Can an online game played on one side of the continent make a difference in the lives of children on the other end?
SIEM REAP – During the early hours of one Wednesday morning, bystanders around Chrey Cheung Primary School, located some 300km northwest of Phnom Penh, were treated to a delightful sight – two foreigners, together with the teachers were frantically cooking up a storm.
The visitors, Jaesung Lee and Yunyoung Chang, are NCSOFT’s Executive Director of Public Relations and External Affairs and Company Associate, respectively. They flew from South Korea to personally witness the impact their company is making on the lives of the children they are helping.
Five years ago, NCSOFT, a gaming company in Korea, developed the Korean version of WFP’s online game “Food Force” – a socially interactive game which educates its players on the challenges of distributing food assistance in emergencies.Since then, NCSOFT has been an avid advocate of WFP’s work, contributing almost US$300,000 for WFP's School Meals Programme in Cambodia which has ensured that 30,000 primary schoolchildren get to eat nutritious food at least once a day."We are happy to support WFP in its efforts to end hunger worldwide and support schoolchildren with daily meals by sharing our technical expertise in developing online games and other multimedia products", says Lee.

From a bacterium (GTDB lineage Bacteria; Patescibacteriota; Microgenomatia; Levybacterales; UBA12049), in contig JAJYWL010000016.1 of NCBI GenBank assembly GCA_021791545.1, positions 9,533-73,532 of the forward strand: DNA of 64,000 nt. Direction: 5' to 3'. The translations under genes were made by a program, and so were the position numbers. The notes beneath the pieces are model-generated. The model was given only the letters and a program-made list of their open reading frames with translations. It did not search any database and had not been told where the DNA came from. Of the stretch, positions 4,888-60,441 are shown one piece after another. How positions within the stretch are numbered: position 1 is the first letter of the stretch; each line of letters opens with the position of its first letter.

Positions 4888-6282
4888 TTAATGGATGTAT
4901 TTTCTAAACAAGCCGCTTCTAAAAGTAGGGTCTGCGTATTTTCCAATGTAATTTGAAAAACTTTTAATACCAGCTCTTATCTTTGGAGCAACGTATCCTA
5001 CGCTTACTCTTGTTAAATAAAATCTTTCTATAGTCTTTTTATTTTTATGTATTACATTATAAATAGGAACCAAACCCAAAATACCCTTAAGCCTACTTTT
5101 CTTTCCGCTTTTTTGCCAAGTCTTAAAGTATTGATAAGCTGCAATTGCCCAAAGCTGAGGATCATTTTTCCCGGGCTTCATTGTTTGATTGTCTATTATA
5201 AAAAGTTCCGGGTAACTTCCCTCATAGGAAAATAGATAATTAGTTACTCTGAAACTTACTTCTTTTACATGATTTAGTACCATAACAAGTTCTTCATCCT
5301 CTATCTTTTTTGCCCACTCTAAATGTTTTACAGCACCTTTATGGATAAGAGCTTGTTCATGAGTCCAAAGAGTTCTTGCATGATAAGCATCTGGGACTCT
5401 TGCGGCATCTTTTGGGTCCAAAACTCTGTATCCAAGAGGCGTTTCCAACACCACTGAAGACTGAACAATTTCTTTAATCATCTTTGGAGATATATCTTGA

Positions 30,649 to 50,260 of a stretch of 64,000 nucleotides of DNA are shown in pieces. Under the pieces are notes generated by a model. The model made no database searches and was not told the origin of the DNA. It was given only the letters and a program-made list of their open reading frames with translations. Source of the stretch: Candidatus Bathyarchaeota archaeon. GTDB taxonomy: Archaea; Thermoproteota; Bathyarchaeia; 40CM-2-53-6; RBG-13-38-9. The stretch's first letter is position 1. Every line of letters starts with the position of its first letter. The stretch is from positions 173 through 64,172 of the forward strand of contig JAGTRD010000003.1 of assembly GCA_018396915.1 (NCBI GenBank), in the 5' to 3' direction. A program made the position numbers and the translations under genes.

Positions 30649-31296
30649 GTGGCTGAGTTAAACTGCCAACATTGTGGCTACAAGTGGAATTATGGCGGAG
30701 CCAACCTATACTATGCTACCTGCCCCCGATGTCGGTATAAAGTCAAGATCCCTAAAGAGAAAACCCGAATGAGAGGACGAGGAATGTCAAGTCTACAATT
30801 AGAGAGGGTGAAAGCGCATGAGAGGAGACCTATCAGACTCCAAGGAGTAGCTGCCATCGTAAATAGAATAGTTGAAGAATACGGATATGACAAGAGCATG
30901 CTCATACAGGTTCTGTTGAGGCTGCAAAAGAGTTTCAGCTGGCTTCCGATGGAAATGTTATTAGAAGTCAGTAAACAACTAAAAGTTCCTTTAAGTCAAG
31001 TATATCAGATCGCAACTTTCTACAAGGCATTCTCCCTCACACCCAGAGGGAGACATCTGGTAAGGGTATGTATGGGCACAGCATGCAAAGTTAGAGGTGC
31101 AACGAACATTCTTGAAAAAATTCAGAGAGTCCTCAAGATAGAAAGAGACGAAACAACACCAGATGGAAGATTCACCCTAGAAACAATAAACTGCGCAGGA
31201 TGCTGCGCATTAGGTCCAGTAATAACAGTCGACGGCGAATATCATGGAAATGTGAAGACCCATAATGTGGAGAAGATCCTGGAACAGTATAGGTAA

Over the course of their two-day visit, NCSOFT met communities assisted by WFP through its various programmes – School Feeding, Maternal and Child Health and Nutrition and Food-for-Assets programmes – in Siem Reap province. At Chrey Cheung Primary School, apart from helping cook and distribute the meals, Lee and Chang also gamely taught and played baseball with the students – a new game for the children – which inevitably led to a lot of laughter.
Furthermore, through this visit, as they observed the living conditions of the food scholarship beneficiaries, NCSOFT affirmed their corporate social responsibility strategy of helping disadvantaged children live a better life. “We are glad to visit the schools and see the children eating the rice we provided. We recognize the importance of having a full stomach so that these kids will have the energy to concentrate in their classes. At the end of the third year of our support to WFP Cambodia's School Feeding programme, we look forward to continuing our support for Cambodian children and to exploring ways to help them become happier and healthier”, Lee adds.
NCSOFT also developed the Korean version of "FreeRice", WFP’s online educational game that allows its users to donate rice for free for every correct answer provided. Through this initiative, thousands of South Korean internet users are now players of Freerice and are donating rice grains to WFP Cambodia's School Feeding programme with just a click of their mouse.